Type 2 diabetes can be prevented or delayed with healthy lifestyle changes, such as losing weight, maintaining a healthy diet and getting regular physical activity.

Gestational diabetes affects pregnant women who have never had diabetes but develop the disease because of the extra stress the body undergoes during pregnancy, said Sowers. Though the gestational diabetes usually goes away after the baby is born, having it increases the risk for Type 2 diabetes later in life.

“Most of the cases will be resolved when they deliver the baby, but the women will be at a higher risk for developing Type 2, if they are not eating a balanced diet and keeping their weight under control,” Sowers said.

Additionally, the baby born to a gestational diabetic is more likely to become obese as a child or teen, and is more likely to develop Type 2 diabetes later in life.

 

Prediabetes

In the US, more than 84 million adults have prediabetes, and 90 percent of them don’t know they have it, according to CDC.

Prediabetes occurs when blood sugar levels are higher than normal, but not high enough to be diagnosed as diabetes. Prediabetes increases the risk for Type 2 diabetes, heart disease and stroke.

 

By the numbers

Diabetes is seventh leading cause of death in the United States.

As the American population has aged and become more overweight or obese, the number of adults diagnosed with diabetes in the last 20 years has more than tripled.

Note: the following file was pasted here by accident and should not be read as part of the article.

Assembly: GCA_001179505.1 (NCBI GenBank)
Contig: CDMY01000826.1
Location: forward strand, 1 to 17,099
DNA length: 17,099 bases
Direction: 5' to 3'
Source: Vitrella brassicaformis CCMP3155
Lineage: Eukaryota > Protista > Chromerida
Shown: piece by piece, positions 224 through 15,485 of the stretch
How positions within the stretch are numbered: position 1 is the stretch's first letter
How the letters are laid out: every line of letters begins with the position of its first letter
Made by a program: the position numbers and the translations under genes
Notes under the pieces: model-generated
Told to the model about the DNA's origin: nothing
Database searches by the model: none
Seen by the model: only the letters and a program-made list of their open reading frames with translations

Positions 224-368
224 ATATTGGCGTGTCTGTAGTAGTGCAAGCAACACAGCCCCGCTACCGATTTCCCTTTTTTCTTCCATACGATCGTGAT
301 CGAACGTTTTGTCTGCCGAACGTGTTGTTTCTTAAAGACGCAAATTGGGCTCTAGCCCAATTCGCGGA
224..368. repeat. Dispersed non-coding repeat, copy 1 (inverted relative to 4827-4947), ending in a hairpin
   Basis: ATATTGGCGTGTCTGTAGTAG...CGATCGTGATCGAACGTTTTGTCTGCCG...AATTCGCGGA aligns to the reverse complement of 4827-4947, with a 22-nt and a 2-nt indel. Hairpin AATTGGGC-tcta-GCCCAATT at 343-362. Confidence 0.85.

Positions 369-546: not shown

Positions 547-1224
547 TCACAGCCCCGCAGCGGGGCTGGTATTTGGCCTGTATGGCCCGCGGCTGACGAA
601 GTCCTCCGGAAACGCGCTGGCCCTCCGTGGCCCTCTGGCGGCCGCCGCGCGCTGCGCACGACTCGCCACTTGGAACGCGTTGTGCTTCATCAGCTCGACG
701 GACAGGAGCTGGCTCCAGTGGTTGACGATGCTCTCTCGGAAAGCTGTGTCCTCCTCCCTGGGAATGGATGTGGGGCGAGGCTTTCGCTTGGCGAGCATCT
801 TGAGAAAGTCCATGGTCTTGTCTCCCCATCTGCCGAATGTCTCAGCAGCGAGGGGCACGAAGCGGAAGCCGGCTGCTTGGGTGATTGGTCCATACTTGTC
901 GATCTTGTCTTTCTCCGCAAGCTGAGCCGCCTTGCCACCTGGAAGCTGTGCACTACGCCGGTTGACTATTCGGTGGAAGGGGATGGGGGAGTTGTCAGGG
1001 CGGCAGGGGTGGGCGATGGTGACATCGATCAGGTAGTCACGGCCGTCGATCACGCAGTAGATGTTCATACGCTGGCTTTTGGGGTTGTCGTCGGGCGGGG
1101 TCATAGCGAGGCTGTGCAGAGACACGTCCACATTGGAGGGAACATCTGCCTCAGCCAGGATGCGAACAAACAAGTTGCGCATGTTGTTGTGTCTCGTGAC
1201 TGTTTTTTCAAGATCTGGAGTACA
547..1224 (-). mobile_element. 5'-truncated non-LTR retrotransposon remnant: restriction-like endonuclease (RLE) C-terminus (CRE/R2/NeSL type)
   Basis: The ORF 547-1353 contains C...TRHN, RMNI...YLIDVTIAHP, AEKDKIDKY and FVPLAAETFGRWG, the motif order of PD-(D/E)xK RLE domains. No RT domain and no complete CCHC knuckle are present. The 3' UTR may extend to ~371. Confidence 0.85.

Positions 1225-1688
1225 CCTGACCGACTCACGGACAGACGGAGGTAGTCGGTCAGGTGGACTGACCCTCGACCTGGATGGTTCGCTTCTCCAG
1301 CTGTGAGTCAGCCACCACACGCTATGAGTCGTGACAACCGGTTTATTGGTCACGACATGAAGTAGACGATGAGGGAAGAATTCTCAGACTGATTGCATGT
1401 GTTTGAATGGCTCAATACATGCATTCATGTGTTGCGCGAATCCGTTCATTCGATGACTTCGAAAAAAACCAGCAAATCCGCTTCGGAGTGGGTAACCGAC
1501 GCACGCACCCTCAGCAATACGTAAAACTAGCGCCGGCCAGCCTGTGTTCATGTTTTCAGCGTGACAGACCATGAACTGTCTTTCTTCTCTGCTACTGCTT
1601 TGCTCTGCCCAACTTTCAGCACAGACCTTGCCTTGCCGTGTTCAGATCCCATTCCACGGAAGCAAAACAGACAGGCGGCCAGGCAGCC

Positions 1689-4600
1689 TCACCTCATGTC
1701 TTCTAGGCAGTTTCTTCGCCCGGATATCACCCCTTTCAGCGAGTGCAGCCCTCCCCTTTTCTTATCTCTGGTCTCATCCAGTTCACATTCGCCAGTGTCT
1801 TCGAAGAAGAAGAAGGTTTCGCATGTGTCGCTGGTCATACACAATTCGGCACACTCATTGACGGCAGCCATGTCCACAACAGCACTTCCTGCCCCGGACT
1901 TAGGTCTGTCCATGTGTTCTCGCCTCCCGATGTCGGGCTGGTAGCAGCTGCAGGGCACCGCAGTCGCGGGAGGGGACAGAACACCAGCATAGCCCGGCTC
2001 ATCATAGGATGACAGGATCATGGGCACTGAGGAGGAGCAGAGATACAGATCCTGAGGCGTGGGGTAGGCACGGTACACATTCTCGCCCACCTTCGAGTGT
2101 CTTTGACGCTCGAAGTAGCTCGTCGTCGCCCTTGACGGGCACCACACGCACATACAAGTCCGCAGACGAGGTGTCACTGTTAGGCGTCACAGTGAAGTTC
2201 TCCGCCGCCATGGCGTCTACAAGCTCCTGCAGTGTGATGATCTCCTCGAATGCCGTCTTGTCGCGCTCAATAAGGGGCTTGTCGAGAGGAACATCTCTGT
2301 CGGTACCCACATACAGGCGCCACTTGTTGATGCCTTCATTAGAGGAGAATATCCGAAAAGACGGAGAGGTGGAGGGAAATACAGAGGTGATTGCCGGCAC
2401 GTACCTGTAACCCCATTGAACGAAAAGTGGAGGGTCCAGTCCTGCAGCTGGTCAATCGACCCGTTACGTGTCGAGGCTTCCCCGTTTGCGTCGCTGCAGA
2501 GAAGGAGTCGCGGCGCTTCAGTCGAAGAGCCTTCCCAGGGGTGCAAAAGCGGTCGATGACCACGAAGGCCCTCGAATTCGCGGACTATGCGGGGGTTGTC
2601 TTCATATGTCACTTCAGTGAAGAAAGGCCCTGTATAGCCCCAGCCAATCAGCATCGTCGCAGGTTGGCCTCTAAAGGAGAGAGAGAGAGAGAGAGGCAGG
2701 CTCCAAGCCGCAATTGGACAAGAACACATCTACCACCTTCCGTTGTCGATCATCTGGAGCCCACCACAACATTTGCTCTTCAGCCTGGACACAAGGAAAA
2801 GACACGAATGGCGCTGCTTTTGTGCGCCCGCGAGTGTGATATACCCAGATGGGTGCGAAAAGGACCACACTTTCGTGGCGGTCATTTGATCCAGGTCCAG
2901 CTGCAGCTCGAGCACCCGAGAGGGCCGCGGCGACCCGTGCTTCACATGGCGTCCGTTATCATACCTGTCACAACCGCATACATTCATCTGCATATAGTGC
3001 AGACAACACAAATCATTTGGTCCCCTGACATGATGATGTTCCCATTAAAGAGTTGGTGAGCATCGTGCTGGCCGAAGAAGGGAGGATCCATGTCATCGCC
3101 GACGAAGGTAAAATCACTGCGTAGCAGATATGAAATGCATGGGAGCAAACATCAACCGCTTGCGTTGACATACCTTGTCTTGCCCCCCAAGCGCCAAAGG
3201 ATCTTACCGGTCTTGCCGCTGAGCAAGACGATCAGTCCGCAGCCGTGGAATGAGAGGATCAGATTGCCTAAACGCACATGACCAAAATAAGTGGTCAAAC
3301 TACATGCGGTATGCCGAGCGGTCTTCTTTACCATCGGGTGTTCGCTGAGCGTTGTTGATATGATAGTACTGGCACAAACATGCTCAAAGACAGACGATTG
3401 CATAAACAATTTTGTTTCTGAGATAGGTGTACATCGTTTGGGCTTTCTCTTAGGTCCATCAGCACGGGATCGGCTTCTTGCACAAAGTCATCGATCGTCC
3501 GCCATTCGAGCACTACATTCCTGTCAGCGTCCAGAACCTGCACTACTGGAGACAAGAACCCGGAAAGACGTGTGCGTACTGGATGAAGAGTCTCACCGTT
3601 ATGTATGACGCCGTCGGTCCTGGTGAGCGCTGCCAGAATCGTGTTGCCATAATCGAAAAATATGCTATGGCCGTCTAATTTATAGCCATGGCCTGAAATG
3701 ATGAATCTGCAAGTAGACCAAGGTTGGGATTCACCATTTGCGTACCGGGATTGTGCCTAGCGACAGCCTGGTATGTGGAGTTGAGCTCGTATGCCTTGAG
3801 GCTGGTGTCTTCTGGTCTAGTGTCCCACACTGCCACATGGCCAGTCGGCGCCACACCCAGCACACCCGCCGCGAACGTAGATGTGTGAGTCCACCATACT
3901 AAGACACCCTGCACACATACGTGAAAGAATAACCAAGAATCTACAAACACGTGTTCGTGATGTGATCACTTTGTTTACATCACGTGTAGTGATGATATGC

More than 30 million adults in the U.S. have diabetes - and 25 percent of them don’t know they have it.

 

Prevention

“Type 2 is preventable,” Sowers said.

A healthy lifestyle can cut the risk for developing Type 2 diabetes by more than 50 percent, according to CDC.

To limit the risks of developing type 2, Sowers encourages everyone to eat a healthy diet, stay active, exercise, keep their weight under control and limit alcohol consumption.

She specifically urges those who are at a higher risk of developing diabetes to pay attention to their diet.

“As we age, our organs age, including our pancreas,” Sowers said. “So the pancreas gets tired and sluggish and needs a little help. Sometimes, your genes make you more prone to developing diabetes. If you can put the brakes on it, that’s better for you in the long run.”

 

Healthy diet

The first step to a healthy diet is learning about nutrition and how it affects the body. Sowers stressed that everyone is different and, in order to be effective, a diet plan should be personalized.

“The more carbohydrates you eat, the higher the blood sugar goes,” Sowers said. “Carbohydrates are your body’s main source of fuel, so we have to have them; they are only a problem if we overdo them.

“When we’re are talking about carbohydrates, we are talking about things like milk, bread, potatoes, pasta, sodas, sweet tea, candy, cookies, ice cream – all those concentrated sweets. But also, we are talking about things like fruit.”

Starting in January, Sowers will offer free classes for the community once a month.

Learn more about developing a healthy diet by visiting www.eatright.org.

Elena Cawley may be reached at ecawley@tullahomanews.com.